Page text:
Granted, I’m being a little cheeky. I am posting this on election day in Canada, where Prime Minister Trudeau may soon be Opposition Leader Trudeau–or, indeed, Former Prime Minister Now Working as a Barista in Disgrace Trudeau. Prime Minister Trudeau may well fight his way through to another term, but such are the risks that great figures face when they enter the fickle world of politics.
This was a lesson that Justin Trudeau’s father new well. Joseph Philippe Pierre Yves Elliott Trudeau came onto the Canadian scene in the 1960s as a political rockstar, gaining an international reputation and easily winning the 1968 election, securing his place as the 15th Prime Minister of Canada. In 1972, however, Trudeau’s Liberals won a slim majority of seats, requiring the 3rd-party New Democrats to prop up his minority government–a second term squeaker that is a likely scenario tonight. It was a fruitful coalition, and Trudeau won handily in 1974, only to lose in 1979. After an unsustainable Conservative minority fell in 1980, Trudeau won a majority for his final term.
Pierre Elliot Trudeau was many things to many people, and did great and terrible things. “Just watch me!” he would challenge people when they warned him about the potential for failure. As a personality, he never failed to intrigue and offend. He danced behind the queen, gave the Prairies the middle finger (the “Trudeau salute”), and dated Barbra Streisand.
And, on top of these colourful and dubious achievements, Prime Minister Pierre Elliot Trudeau also read The Screwtape Letters.
At least, that is, he knew enough to reference Screwtape, and did so in a letter of congratulations upon the launch of The Canadian C.S. Lewis Journal, a quirky, zine-style newsletter in those heady days of the 70s and 80s as Lewis was rising as a literary and religious figure.
One of the idiosyncratic features of the newsletter was that it printed notes from readers, often raw and unedited. One of these notes is from an embattled Prime Minister Trudeau, facing his last days in office before an election that he would lose. It is not a terribly well-written letter, and it is not clear that Trudeau knew the significance of what he was quoting for his own political future. Still, he took the time to send a note to The Canadian C.S. Lewis Journal and honour Lewis as an important 20th-century literary figure.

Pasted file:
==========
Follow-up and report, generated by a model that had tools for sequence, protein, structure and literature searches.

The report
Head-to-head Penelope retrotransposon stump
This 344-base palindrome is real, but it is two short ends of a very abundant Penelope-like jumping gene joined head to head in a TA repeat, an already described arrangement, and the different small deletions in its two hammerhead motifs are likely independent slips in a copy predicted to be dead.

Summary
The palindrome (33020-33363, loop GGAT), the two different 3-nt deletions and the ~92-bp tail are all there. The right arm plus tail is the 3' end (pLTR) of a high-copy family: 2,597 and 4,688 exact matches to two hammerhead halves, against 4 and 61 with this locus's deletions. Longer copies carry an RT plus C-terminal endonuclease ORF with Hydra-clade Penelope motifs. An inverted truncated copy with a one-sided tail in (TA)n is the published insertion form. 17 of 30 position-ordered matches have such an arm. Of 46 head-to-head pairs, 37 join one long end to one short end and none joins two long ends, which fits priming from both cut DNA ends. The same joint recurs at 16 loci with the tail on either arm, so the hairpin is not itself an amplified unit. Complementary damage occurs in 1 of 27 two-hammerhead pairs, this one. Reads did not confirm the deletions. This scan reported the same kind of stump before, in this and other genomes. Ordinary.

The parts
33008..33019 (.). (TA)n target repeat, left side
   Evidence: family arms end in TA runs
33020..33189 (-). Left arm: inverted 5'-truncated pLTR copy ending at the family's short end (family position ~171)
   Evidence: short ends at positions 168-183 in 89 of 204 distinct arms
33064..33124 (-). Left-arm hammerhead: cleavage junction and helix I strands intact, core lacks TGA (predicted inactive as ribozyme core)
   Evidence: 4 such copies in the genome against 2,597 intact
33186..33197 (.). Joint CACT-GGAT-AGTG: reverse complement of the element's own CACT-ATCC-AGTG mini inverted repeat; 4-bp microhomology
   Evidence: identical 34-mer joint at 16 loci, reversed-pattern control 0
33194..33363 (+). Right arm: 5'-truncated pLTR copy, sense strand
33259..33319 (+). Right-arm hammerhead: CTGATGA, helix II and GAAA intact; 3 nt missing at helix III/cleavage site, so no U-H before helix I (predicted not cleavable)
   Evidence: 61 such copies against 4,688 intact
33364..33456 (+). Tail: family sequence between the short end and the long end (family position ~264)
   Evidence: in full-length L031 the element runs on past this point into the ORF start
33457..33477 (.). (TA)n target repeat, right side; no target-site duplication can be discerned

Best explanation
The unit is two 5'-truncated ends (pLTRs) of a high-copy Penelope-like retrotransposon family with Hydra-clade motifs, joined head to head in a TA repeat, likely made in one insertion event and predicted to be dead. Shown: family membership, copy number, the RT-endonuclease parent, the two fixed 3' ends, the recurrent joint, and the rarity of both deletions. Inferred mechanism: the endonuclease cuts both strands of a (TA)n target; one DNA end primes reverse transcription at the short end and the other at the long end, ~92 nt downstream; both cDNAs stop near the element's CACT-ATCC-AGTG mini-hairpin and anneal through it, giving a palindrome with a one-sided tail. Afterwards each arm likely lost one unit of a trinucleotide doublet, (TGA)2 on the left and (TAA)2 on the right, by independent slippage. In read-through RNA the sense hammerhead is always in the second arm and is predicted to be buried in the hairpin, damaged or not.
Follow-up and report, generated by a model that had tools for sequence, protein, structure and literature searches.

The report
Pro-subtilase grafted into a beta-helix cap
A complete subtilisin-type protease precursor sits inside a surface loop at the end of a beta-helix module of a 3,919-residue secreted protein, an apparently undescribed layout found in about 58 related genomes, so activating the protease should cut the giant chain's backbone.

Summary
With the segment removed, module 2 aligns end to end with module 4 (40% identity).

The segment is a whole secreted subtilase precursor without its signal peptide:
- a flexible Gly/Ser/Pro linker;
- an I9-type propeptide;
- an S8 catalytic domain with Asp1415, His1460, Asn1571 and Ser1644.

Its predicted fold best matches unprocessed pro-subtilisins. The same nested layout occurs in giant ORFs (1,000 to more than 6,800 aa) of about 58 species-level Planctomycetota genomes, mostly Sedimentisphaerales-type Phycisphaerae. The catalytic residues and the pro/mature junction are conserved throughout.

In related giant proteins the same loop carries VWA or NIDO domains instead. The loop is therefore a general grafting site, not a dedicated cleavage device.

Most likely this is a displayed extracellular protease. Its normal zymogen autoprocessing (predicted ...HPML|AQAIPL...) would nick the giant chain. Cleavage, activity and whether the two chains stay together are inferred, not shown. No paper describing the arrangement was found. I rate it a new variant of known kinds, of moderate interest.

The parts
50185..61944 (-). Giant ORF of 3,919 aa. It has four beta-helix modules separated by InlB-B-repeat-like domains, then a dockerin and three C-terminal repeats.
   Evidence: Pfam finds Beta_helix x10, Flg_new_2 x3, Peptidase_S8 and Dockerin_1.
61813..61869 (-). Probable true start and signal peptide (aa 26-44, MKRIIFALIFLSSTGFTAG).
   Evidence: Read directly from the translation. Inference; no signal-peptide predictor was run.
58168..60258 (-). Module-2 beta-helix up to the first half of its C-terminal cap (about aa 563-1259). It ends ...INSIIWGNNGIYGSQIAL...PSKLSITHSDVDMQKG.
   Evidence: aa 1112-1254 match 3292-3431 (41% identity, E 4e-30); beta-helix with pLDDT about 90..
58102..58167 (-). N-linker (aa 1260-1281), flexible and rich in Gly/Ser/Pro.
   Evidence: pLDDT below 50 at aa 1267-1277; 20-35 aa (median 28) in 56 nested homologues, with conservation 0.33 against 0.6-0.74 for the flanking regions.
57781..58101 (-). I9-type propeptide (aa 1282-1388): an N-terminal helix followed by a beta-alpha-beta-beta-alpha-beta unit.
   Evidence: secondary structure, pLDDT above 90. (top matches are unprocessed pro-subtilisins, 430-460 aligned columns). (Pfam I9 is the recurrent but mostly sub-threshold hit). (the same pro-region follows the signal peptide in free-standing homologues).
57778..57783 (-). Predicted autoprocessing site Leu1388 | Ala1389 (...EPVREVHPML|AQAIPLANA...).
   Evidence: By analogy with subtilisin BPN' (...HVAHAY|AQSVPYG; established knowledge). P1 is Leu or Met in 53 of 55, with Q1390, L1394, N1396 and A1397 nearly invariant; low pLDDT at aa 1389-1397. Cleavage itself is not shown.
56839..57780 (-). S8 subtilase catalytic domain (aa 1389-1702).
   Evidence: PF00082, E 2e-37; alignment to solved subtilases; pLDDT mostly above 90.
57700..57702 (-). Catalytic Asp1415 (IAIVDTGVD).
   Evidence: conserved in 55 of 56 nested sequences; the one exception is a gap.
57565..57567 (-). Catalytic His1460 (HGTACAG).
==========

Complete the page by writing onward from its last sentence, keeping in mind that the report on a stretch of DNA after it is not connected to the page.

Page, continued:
Thanks to a happy accident, I can now share this Trudeau-Lewis letter with you.
I had seen the letter in a visit to the Merril Collection of Science Fiction, Speculation & Fantasy at the Toronto Public Library. Beyond being a superb resource for scholars and fans of sf and fantasy, the (Judith) Merril Collection has a good C.S. Lewis archive with the entire Canadian Journal collection. I had read the Trudeau note there, but without permission to photograph it, it remained merely a note in my journal.
Recently, however, I have been going through some books by a former student of C.S. Lewis, Eddie L. Edmonds. In his copy of A.N. Wilson’s biography of Lewis, I found the Trudeau note torn from the journal and folded between the pages. It was a discovery that greatly increased my admiration for Wilson’s biography!
And, honestly, it is a bit of Lewis fun. So now, I choose to share it with you! A picture of the note is followed by a transcription.
I have finally found someone nearby with most of the 100 or so issues of the Canadian C.S. Lewis Journal, so I look forward to learning much from the past readers of Lewis, sharing in their love and wisdom–and no doubt some of their peculiarities. For now, though, here Prime Minister Trudeau’s note on C.S. Lewis and The Screwtape Letters. True, he got Clive Staples Lewis’ name wrong, and the entire thing might have been written by a staffer. Quoting Kenneth Tynan, though, is a nice touch, and it is nice to think that prime ministers of the past at least carried out the facade of literacy.
No doubt, not a few of Screwtape’s protégés do fine work on Parliament Hill.
Prime Minister-Premier Ministre
The Future is something everyone reaches at the rate of sixty minutes an hour, whatever he does, whoever he is.
Clive Stephen Lewis has indeed reached the future and will continue to do so, for his works were of inspiring and eternal wisdom.
In paying tribute to a great man, and to use Kenneth Tynan’s words: “a classical writer, a mediaeval poet, and a brilliant and vivacious mind.”, the Canadian C.S. Lewis Journal is pursuing in its own way, the communication of those works.
As you launch your journal, I am pleased to offer to the management and staff my sincere congratulations and best wishes of success.
Pierre Elliot Trudeau